Have you heard about this book? The Assignment: or, On the Observing of the Observer of the Observers, by Friedrich Dürrenmatt.
Dürrenmatt, it seems, wrote a 123-page murder mystery in 24 short chapters, each of which is one sentence long.
The wife of a psychiatrist has been raped and killed near a desert ruin in North Africa. Her husband hires a woman named F. to reconstruct the unsolved crime in a documentary film. F. is soon unwittingly thrust into a paranoid world of international espionage where everyone is watched—including the watchers. After discovering a recent photograph of the supposed murder victim happily reunited with her husband, F. becomes trapped in an apocalyptic landscape riddled with political intrigue, crimes of mistaken identity, and terrorism.
F.’s labyrinthine quest for the truth is Dürrenmatt’s fictionalized warning against the dangers of a technologically advanced society that turns everyday life into one of constant scrutiny.
Dürrenmatt was a bit ahead of his time: he wrote about this idea of constant scrutiny back in 1986, right before the Age of Constant Scrutiny was born.
Here’s a snippet from a comment that seems to capture something of the feel of the story: “Yet you know right away that something is different, first in the format: the novel consists of 24 ‘chapters,’ each of which is a single sentence, some stretching for several pages (it would be really interesting to try to diagram one of these babies), that read aloud (yeh, I sometimes read aloud) like a digressive ramble, and read silently in an irresistible rush and tumble of words.”
Good job by that commenter, David — his sentence may not be 5 or 10 pages long, but it is 66 words long, which is pretty impressive.
Intriguing idea! Many commenters refer to the sentences as comma-filled run-ons, which is interesting enough. Wouldn’t it be kind of fun to try this kind of thing with sentences that are actually grammatically correct rather than run-ons?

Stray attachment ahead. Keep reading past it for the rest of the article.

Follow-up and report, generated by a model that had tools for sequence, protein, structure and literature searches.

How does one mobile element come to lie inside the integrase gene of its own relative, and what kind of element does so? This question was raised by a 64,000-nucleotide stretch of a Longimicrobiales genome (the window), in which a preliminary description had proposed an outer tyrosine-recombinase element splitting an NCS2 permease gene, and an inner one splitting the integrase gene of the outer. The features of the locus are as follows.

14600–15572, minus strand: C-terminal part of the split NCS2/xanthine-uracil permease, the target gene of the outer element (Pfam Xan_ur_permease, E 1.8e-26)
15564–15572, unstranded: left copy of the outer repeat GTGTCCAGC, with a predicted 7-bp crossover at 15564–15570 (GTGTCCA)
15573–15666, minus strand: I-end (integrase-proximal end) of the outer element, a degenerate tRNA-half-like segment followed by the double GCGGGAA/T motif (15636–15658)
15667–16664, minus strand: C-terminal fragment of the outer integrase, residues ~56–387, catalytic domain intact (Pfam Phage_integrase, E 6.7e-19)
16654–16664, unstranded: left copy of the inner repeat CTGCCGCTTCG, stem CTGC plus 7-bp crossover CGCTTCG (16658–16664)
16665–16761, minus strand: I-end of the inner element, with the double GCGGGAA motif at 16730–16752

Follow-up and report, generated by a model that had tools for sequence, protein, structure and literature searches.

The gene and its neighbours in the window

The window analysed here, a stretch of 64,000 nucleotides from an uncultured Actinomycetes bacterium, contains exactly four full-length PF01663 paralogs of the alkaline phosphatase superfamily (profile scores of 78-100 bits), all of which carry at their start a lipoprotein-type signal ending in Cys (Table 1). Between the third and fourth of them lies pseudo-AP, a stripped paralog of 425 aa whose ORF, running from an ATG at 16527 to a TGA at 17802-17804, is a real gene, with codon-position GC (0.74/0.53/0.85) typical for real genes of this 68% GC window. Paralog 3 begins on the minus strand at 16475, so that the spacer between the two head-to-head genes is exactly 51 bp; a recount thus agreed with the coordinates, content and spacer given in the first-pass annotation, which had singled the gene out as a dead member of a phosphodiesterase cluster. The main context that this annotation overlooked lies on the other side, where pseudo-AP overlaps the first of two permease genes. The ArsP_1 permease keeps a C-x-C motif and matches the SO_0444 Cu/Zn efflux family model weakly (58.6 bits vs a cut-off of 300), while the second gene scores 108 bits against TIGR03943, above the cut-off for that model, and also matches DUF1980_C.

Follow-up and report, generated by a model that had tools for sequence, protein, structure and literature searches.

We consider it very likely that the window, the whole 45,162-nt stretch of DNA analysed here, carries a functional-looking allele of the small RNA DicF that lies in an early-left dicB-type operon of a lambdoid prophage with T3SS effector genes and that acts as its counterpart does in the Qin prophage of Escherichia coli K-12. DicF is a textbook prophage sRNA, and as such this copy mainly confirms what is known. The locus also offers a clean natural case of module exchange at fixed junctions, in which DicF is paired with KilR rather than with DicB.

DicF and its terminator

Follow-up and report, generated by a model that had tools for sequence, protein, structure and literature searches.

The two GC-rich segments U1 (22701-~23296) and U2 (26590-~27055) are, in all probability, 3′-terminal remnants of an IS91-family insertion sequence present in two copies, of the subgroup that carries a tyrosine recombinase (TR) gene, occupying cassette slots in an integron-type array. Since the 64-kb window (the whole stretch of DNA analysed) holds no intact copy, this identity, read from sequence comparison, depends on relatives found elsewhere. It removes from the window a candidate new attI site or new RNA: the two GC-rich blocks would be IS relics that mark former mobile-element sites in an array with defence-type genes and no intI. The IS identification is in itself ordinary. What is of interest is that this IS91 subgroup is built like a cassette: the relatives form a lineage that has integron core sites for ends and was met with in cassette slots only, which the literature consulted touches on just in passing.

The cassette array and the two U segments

Faulkner’s longest sentence—smack in the middle of Absalom, Absalom! —unspools in Quentin Compson’s tortured, silent ruminations. According to a 1983 Guinness Book of Records, this monster once qualified as literature’s longest at 1,288 words, but that record has long been surpassed, in English at least, by Jonathan Coe’s The Rotter’s Club, which ends with a 33-page-long, 13,955 word sentence.
Really! Well, I wish I’d been assigned Absolom, Absolom instead of The Sound and the Fury. I doubt I would have liked the former better overall, but I hope I would have enjoyed that 1288-word sentence.
Doesn’t all this make you wish you could go back in time and try to write an English essay as a single sentence, perfectly correctly, in order to freak out your English teacher?
Maybe that’s just me.
Also possibly just me: a wistful desire to go back in time and write an essay in iambic pentameter; or write a book report that sounds perfectly fine but is total nonsense from front to back; or write a REALLY abstruse classification essay about, say, extinct perissodactyl species.
Alas, none of these ideas occurred to me when I was actually in school.